Is earnest money or a breakup fee required when selling or buying a small business? The answer to this question may surprise you depending on who you are. If you talk to a business seller or a business buyer, they may answer you the same, however as you dig in a little more into their answer you will see a glaring difference in the answer. A business seller will have a very different perspective from the business buyer.
Sometimes these terms are used interchangeably; however, there is actually a significant difference between an earnest money deposit and a breakup fee, and a good understanding of both and why they are used will help answer the question posed in the title of this article.
First, let us define these terms.
Is a deposit made to a seller showing the buyer’s good faith in a transaction. Earnest money is typically held jointly by the seller and buyer in a trust or escrow account, and has its origins in the real estate world. An earnest money deposit shows the seller that a buyer is serious about purchasing the business. When the transaction is finalized, the funds are put toward the buyer’s down payment. If the deal falls through, the buyer may not be able to reclaim the deposit. Typically, if the seller terminates the deal, the earnest money will be returned to the buyer. When the buyer is responsible for retracting the offer, the seller will usually be awarded the money.*
is a fee used in transactions to protect the buyer in the scenario where the seller may back out of a deal. The purpose of the fee is to compensate the prospective buyer for the expenses of the due diligence of the deal. Typical expense are fees associated with quality of earnings, legal due diligence, legal preparation of purchase agreement and letter of intent, and possibly travel and other expenses etc. The expenses that the buyer pays out of pocket are significant and can range between $20K to $200K or more depending on the size of the deal.
The main difference in both of these fees is that an earnest money deposit is made by the buyer on behalf of the seller, and the Breakup fee is made by the seller on behalf of the buyer. The moral of the story is that both parties would love to have some financial deposit to protect their interests, but the question becomes who deposits and how much?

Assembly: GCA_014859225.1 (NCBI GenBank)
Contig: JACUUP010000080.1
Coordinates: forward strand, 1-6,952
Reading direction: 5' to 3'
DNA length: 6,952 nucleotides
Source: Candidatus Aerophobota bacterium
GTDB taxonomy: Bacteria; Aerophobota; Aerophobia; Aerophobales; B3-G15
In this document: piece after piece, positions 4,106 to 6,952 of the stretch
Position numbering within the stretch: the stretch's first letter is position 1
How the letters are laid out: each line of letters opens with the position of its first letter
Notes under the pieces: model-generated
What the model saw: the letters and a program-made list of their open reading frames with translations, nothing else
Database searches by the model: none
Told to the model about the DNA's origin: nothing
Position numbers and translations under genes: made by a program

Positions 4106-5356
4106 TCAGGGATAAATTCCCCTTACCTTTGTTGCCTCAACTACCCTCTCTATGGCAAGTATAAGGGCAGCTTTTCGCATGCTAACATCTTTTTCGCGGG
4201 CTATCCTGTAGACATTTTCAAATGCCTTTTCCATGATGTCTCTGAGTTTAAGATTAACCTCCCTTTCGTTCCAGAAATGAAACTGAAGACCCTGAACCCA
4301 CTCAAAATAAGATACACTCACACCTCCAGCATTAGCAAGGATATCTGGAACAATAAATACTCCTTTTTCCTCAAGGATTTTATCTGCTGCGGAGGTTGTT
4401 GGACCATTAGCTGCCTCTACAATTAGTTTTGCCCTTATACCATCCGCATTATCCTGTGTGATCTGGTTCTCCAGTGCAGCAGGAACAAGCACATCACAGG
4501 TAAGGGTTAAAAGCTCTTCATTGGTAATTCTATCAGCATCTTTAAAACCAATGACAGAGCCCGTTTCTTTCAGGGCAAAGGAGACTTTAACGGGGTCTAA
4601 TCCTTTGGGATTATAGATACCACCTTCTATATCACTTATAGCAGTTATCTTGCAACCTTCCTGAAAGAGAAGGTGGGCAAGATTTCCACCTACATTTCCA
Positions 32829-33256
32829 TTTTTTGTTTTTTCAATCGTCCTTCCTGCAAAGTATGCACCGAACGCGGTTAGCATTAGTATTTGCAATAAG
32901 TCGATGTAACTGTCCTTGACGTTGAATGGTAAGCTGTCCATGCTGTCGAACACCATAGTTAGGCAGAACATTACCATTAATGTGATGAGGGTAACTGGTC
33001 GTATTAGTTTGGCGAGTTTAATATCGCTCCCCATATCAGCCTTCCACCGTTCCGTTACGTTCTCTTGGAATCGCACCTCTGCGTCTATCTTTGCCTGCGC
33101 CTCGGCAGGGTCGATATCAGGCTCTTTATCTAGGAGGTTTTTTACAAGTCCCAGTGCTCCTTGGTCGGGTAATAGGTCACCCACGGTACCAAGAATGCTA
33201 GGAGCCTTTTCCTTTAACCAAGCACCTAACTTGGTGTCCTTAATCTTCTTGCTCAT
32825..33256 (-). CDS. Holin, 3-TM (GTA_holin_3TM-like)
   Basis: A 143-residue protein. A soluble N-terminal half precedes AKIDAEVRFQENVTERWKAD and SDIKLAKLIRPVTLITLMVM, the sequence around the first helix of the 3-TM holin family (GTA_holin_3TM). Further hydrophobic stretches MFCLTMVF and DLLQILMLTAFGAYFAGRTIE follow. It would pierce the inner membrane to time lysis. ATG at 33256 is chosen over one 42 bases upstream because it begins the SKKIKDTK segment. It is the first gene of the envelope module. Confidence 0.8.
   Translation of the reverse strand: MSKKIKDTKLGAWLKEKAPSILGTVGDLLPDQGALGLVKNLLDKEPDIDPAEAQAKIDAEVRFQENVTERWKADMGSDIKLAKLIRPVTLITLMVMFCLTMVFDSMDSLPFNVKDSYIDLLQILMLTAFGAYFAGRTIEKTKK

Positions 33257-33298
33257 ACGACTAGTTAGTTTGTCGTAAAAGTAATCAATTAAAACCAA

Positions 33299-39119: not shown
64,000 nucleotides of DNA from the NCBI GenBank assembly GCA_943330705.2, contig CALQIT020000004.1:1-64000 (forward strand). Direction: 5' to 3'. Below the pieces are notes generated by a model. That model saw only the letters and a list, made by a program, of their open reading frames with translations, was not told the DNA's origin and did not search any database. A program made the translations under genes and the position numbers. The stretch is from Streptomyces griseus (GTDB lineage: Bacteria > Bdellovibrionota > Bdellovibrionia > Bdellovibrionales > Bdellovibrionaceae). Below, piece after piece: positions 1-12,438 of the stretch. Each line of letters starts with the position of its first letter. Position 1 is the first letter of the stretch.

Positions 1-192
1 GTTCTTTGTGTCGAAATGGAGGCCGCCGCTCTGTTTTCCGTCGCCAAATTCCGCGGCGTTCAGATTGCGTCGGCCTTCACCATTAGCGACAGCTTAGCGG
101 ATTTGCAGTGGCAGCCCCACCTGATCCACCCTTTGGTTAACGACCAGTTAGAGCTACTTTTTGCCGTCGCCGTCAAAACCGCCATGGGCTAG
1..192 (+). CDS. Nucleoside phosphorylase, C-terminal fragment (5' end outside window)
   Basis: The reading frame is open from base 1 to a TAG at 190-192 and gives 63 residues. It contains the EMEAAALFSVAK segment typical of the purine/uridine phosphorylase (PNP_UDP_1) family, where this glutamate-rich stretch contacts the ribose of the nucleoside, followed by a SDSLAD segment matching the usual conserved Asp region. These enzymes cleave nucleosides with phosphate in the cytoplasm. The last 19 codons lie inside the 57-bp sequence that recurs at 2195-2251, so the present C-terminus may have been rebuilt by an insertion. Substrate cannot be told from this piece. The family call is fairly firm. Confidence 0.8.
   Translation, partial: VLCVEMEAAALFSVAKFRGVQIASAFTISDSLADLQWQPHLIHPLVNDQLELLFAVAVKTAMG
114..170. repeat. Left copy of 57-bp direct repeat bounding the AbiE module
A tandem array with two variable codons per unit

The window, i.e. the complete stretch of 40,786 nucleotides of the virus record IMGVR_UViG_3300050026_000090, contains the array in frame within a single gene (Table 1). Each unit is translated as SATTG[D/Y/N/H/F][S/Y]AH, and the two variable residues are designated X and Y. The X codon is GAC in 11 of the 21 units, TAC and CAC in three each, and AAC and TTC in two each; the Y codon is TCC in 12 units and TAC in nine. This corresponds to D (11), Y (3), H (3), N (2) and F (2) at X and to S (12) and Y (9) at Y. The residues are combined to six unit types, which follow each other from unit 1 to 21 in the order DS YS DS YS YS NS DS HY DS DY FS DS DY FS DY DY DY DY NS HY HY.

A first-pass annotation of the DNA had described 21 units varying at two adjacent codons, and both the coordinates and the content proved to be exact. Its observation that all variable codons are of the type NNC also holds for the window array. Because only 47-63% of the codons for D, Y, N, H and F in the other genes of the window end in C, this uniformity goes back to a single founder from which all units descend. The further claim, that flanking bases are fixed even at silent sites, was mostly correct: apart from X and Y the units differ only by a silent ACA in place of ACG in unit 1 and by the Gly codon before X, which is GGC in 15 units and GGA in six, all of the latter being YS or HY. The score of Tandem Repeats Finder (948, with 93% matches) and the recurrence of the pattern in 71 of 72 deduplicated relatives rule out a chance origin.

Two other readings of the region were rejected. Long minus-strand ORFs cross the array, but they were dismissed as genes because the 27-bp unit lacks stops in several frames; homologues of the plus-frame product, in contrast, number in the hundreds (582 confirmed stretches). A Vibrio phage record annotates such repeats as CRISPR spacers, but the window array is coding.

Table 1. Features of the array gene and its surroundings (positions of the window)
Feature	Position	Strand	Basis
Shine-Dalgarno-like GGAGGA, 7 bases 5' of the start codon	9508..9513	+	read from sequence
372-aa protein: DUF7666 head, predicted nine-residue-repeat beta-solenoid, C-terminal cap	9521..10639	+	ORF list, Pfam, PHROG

What do we see in real life?
The answer is mostly dependent on the size of the transaction and who the buyer is. Most transactions between $1M and $10M do not include a breakup fee or an earnest money deposit. In larger deals over $10M, it is more common to see breakup fees, and rarely earnest money deposits. And regarding earnest money deposits, we typically see these only on the smallest of deals i.e. under $1M, where the parties go directly into a purchase agreement. Most deals where a letter of intent (LOI) is used will typically not contain any earnest money deposits.
The negotiation of an earnest money deposit or breakup fee can be an important part of negotiation process and it is not uncommon to have deals sputter out because both parties cannot agree on the initial terms and conditions of the fee. Because both parties take some amount of risk during the process of closing a transaction, we typically stay away from these fees except in the smallest of deals. Although Buyers will typically try to get a breakup fee into the deal, we have seen most seller clients not agree to a breakup fee. Even though the buyer will be spending significant money on due diligence and attorney fees, the seller is also spending a quite a bit of time and money as well and is typically taking the deal off the market for the exclusivity of the buyer to complete the deal. Therefore, unlike an earnest money deposit, the breakup fee, although often discussed, is rarely included in the final agreements as the parties will either not agree or demand that they are mutual.
In Summary, it is important to know what each of these terms represents and why they are used, but it is more important to keep your eye on the ultimate goal, which is to get the transaction completed. It is extremely important to enter into an agreement with a party that your advisors believe makes sense and has a high likelihood of closing. The earnest money deposit and / or breakup fee is not what is ultimately going to hold the deal together. Not getting the deal done is the largest risk for both parties, and thus it is important to have the right seasoned M&A Advisor on your side to make sure this risk is mitigated by evaluating bot the qualitative and quantitative aspects of the deal terms as well as the capability and motivation of the parties involved.